We knew we were in for more than a wet hike upon arriving at the parking lot. The two inches of snow at 1100m promised much more accumulation at the 2500m summit. We would later learn that the weather system from the Special Weather Statement had dumped over a foot of snow on the mountain in the past two days. We were well equipped and excited all the same, and set off undeterred. Just above the tree line we met a ranger who said a further 6 inches of snow would fall that day and my 2WD car might not make it out of the lot. We briefly considered turning back, but the Beattiemobile has good tires and a courageous heart, so we resolved to climb quickly and pressed forward.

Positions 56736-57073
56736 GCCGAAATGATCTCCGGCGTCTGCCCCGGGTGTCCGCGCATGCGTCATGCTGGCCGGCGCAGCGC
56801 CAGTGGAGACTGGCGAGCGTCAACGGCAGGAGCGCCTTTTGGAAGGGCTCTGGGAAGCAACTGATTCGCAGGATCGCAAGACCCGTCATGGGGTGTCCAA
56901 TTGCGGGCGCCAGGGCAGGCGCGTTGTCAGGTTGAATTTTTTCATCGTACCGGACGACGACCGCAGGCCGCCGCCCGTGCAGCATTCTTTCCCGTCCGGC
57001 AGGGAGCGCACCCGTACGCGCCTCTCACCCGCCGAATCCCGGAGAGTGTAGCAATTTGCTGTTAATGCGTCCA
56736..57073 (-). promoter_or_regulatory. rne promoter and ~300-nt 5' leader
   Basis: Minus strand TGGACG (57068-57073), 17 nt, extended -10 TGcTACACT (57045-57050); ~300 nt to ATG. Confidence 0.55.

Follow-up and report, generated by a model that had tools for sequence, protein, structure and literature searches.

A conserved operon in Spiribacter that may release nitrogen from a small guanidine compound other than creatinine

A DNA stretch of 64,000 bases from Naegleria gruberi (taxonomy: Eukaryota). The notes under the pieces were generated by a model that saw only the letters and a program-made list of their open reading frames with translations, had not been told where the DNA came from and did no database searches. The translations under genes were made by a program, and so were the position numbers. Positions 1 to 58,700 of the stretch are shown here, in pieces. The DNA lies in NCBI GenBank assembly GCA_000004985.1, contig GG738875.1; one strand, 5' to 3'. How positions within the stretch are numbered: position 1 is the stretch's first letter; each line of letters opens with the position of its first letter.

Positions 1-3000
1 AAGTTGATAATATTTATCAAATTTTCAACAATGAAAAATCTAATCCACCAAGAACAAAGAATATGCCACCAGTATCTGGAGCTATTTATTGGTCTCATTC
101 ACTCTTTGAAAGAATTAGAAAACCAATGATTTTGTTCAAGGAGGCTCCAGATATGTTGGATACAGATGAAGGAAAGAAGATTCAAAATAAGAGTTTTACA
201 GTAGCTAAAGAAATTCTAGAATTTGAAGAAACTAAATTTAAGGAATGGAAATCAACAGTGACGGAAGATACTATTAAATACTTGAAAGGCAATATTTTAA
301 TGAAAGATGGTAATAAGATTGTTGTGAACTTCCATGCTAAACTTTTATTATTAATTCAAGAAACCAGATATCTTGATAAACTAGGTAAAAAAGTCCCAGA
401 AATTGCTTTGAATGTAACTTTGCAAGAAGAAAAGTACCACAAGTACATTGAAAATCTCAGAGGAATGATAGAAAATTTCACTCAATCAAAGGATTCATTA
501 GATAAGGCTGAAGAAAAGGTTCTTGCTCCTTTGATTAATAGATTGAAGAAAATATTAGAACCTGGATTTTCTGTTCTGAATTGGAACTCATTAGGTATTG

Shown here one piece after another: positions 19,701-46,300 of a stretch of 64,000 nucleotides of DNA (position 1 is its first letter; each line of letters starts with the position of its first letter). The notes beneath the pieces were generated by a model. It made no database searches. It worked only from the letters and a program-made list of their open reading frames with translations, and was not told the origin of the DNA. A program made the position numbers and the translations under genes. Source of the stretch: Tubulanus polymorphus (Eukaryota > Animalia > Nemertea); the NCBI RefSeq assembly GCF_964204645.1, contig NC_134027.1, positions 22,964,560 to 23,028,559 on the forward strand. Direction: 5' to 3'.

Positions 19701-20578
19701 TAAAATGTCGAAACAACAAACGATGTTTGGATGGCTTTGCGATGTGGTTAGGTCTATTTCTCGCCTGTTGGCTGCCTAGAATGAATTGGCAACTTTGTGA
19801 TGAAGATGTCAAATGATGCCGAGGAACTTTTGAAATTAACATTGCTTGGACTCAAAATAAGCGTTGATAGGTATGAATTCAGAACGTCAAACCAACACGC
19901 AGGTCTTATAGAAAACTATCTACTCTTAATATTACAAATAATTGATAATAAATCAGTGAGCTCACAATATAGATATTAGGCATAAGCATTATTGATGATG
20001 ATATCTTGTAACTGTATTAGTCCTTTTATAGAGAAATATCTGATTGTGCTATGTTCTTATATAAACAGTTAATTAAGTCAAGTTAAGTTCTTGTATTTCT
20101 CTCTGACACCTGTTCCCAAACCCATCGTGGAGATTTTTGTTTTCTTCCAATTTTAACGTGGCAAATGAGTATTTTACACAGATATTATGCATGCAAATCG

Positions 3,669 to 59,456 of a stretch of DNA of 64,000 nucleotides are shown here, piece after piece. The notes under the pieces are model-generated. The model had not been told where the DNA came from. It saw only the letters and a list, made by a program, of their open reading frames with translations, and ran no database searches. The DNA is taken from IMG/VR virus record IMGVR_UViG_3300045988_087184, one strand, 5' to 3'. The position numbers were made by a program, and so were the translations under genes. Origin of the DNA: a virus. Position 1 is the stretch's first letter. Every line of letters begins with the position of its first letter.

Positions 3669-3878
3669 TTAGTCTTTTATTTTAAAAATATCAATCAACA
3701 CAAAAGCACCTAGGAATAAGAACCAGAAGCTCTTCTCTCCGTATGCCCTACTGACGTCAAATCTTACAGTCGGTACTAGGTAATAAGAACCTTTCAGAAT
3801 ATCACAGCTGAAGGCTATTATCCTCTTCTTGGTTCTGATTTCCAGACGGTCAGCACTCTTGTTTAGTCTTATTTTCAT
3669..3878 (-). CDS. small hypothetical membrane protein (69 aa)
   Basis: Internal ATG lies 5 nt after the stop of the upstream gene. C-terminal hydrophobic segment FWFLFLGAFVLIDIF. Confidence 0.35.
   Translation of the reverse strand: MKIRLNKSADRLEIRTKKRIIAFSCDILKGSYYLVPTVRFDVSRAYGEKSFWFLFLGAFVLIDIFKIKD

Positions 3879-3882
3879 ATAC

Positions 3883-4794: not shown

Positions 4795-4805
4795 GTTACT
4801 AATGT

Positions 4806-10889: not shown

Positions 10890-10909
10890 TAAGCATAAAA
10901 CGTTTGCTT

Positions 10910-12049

Above the tree line the ridge is lined with volcanic rubble, ranging from football to car sized blocks. High winds had deposited snow on the ridge and formed bridges between the blocks. While the boulders provided valuable contrast in whiteout conditions, negotiating the terrain required special care to not step through a snow bridge and land awkwardly on a rock below. Alex carefully led us through the first third of the route, where we drank and switched places.